Also, most serology tests simply indicate the presence of antibodies. But little is known of the level of response the body needs to prevent a future infection.
To test the entire population could cost hundreds of millions of dollars.
Tests to check if people are currently infected are accurate, Prof Hsu said, but added: "Nasopharyngeal swabs are labour-intensive and result in pain and discomfort (in people being tested)."
Prof Cook said for now, priority for such tests should be given to those who show symptoms, until there are "plentiful tests" for the population.
So far, Singapore has conducted more than 140,000 such tests. It is ramping up testing capabilities to 40,000 a day by next month - from the current 8,000 a day.
Prof Teo added: "In an ideal world, everyone in Singapore is tested once a day for active infection, which will allow anyone who is infected to be isolated and contact tracing can proceed to quarantine the majority of the contacts."
People need to be tested more than once, as those who test negative may have the virus, but show no signs because it is still incubating.
"In the real world, we are unable to achieve that degree of testing," said Prof Teo. Instead, he advocates "having clever strategies" to actively test groups of people at higher risk, or who may pose a risk for the vulnerable.
Singapore is doing that.
Health Minister Gan Kim Yong said in Parliament on Monday: "We have started to test staff and residents at Ministry of Health and Ministry of Social and Family Development homes with a high proportion of seniors, such as nursing homes and welfare homes."
Infections have occurred at seven such homes, with more than 35 residents and staff diagnosed with Covid-19. Some of them have died.
Once measures here are relaxed, should Singapore open its doors to travel again?
Prof Cook said he would be surprised if the strict 14-day quarantine for people entering Singapore is abandoned in the near future as it was "leakage from home quarantine that led to the elevated cases before we went into circuit breaker".
But if the quarantine protocol is maintained, then there is no harm in letting people in, he said. "This would allow students to enter or leave Singapore with minimal risk to society, or allow people to attend important events, but probably prevent most tourism."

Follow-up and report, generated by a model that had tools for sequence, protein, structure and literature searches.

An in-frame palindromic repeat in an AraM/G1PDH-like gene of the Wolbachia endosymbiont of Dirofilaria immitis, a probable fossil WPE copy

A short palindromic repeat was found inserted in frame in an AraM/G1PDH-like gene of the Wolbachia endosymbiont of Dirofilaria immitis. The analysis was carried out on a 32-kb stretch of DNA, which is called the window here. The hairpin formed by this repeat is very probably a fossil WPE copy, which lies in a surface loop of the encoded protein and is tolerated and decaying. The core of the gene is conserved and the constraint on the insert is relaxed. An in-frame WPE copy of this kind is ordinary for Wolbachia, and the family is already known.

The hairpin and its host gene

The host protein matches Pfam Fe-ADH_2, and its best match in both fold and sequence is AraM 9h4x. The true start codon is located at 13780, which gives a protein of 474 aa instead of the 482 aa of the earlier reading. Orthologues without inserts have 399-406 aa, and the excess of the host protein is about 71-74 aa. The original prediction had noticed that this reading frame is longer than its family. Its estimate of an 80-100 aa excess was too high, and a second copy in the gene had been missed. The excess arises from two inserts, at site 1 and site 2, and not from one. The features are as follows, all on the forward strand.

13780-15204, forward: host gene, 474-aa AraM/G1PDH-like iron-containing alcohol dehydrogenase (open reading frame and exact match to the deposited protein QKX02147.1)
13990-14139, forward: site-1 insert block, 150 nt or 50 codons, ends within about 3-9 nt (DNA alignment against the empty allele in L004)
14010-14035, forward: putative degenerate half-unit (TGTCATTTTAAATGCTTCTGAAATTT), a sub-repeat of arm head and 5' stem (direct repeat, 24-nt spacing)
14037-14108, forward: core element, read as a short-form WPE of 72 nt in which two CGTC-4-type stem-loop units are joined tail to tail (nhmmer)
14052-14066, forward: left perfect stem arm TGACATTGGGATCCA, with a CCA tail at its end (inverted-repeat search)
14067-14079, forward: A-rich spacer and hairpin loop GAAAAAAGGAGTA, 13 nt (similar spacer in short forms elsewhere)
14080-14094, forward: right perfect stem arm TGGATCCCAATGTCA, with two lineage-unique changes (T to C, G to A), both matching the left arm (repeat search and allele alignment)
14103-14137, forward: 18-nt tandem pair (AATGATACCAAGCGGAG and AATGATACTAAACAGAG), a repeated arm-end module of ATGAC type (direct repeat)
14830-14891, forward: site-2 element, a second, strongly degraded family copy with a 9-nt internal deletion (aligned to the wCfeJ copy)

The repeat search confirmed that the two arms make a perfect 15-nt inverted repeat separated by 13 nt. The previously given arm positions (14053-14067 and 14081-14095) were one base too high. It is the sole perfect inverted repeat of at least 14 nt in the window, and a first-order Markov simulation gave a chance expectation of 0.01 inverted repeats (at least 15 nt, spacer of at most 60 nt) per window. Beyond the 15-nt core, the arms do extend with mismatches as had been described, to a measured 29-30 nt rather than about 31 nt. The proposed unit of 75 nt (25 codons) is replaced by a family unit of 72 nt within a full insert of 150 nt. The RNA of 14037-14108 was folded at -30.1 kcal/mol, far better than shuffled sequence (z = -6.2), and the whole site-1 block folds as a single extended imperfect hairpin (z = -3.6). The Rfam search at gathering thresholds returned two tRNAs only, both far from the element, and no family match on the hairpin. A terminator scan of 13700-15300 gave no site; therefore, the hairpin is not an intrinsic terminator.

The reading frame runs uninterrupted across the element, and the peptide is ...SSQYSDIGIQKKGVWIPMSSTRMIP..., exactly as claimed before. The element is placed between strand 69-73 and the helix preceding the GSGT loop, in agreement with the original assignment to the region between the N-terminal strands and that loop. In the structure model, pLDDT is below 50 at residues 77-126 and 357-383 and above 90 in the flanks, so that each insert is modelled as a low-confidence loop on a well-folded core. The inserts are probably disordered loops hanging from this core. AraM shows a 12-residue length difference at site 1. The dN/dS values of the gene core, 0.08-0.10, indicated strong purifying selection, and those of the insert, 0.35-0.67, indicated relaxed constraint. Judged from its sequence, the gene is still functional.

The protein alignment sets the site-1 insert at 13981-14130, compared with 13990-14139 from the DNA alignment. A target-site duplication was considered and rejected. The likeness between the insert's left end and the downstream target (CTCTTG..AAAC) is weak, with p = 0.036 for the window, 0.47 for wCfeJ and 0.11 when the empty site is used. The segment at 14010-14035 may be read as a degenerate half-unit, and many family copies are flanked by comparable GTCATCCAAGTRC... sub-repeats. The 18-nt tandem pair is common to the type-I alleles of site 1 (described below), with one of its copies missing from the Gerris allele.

Prof Teo, on the other hand, expects some easing of travel restrictions, but only with certain countries.
He said: "Some countries may come together to form 'travel bubbles', where travel may be less restrictive, but travelling to countries outside the travel bubbles may include additional quarantine either way, perhaps complemented with testing."
But he, too, does not foresee unrestricted global travel any time soon.
Prof Hsu also thinks many countries "will open up a limited number of borders at a time" with vital partners or with countries where the spread of Covid-19 is contained.
He said: "There is a lot of interest and thought about 'immunity passports' for the purposes of work and cross-border travel, including testing before travel and/or on arrival."
But opening up travel will carry the risk of importing the virus - as had happened at the start of the year.
But so long as the numbers remain low and people adhere to safety measures, it is unlikely to lead to an explosion of cases.
But as Prof Cook said, should the numbers go up again, circuit breaker measures can be re-implemented for a period.
As long as the healthcare system is not overwhelmed and vulnerable seniors are protected, it would be good to return to a more normal life.
The new normal will be different from what was normal in pre-Covid-19 days.
Until a vaccine becomes available and can be administered to the masses, masks, safe distancing and an absence of large gatherings are here to stay.
Meanwhile, whether Singapore will need another round of circuit breaker measures will depend on how cooperative everyone is.
A minority behaving irresponsibly could see Singapore needing an even tighter lockdown.